Biodiversity and Conservation

, Volume 20, Issue 14, pp 3501–3516 | Cite as

The intersection of conservation and horticulture: bird-pollinated Lotus species from the Canary Islands (Leguminosae)

  • Isidro OjedaEmail author
  • Arnoldo Santos-Guerra
Original Paper


This paper critically reviews the status of the “lotus vines” (Lotus section Rhyncholotus) in the wild and in cultivation. The literature concerning the conservation status of this group is scattered and in many places is not updated. Besides, the most recent efforts in conservation on this group have not been published in widely available sources and are mainly published in Spanish. Our aims in this paper are to compile the most recent information regarding the conservation status, studies on genetic diversity and the latest strategies for the conservation of this group. The four species are all critically endangered in the wild. Two species (Lotus berthelotii and L. maculatus) are widely cultivated in Europe and North America but the range of genotypes in cultivation is likely to be small, as the plants are propagated by cuttings. Hybrids between these two species are also in cultivation, and some have been patented. Commercial horticulture has considerable implications for overall conservation strategies, and these implications are discussed. We suggest that a circa situm conservation could improve the conservation strategies of these four species in the Canary Islands.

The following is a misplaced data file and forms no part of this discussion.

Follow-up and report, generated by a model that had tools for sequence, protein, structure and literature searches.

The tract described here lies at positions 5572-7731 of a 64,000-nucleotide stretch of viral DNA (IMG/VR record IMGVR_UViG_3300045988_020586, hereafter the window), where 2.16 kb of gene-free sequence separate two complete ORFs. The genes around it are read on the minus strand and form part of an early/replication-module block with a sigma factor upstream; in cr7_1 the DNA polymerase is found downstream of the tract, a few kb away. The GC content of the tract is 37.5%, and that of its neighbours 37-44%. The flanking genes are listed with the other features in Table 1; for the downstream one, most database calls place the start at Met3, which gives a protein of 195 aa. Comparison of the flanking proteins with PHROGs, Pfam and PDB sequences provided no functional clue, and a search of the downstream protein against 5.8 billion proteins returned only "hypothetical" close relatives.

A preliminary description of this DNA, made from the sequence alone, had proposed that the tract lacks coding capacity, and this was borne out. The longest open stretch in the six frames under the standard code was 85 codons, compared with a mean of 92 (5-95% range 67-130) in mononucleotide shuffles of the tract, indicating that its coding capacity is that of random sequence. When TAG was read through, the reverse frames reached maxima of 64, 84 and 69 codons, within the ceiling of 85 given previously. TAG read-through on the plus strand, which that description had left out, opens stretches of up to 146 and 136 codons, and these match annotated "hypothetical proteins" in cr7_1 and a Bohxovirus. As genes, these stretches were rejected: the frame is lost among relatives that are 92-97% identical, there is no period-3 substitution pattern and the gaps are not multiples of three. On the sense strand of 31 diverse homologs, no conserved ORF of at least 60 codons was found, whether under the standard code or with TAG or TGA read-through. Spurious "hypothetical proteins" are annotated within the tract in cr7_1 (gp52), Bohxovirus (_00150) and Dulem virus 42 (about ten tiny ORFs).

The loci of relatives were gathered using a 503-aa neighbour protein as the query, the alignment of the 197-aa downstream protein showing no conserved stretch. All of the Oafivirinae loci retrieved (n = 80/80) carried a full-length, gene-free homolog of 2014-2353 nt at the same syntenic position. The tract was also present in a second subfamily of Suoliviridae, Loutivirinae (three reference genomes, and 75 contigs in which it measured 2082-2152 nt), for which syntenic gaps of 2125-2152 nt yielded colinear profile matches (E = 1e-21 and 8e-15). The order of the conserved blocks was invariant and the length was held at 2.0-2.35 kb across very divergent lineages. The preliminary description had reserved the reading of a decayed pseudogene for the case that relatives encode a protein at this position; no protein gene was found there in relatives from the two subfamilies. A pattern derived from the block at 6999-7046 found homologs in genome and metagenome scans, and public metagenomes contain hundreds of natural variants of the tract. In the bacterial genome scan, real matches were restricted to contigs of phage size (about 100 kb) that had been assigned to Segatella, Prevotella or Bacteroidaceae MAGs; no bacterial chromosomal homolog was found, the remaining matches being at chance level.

Canary Islands Circa situm conservation Endemic species Lotus Rhyncholotus 



I.O thanks a scholarship from Consejo Nacional de Ciencia y Tecnología (CONACyT) and for all the support and comments of Quentin Cronk during his PhD studies. We also thank the staff and the facilities of the Jardín de Aclimatación de la Orotova and Jardín Canario Viera y Clavijo specially, Felicia Oliva, Ruth Jaén Molina and Juli Caujapé. Funding for field work was provided by the project No. RF2006-00030 from the Instituto Nacional de Investigación y Tecnología Agraria y Alimentaria.


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Copyright information

© Springer Science+Business Media B.V. 2011

Authors and Affiliations

  1. 1.The Biodiversity Research Centre, Botanical Garden and Centre for Plant Research and Department of BotanyUniversity of British ColumbiaVancouverCanada
  2. 2.Jardín de Aclimatación de la OrotavaTenerifeSpain

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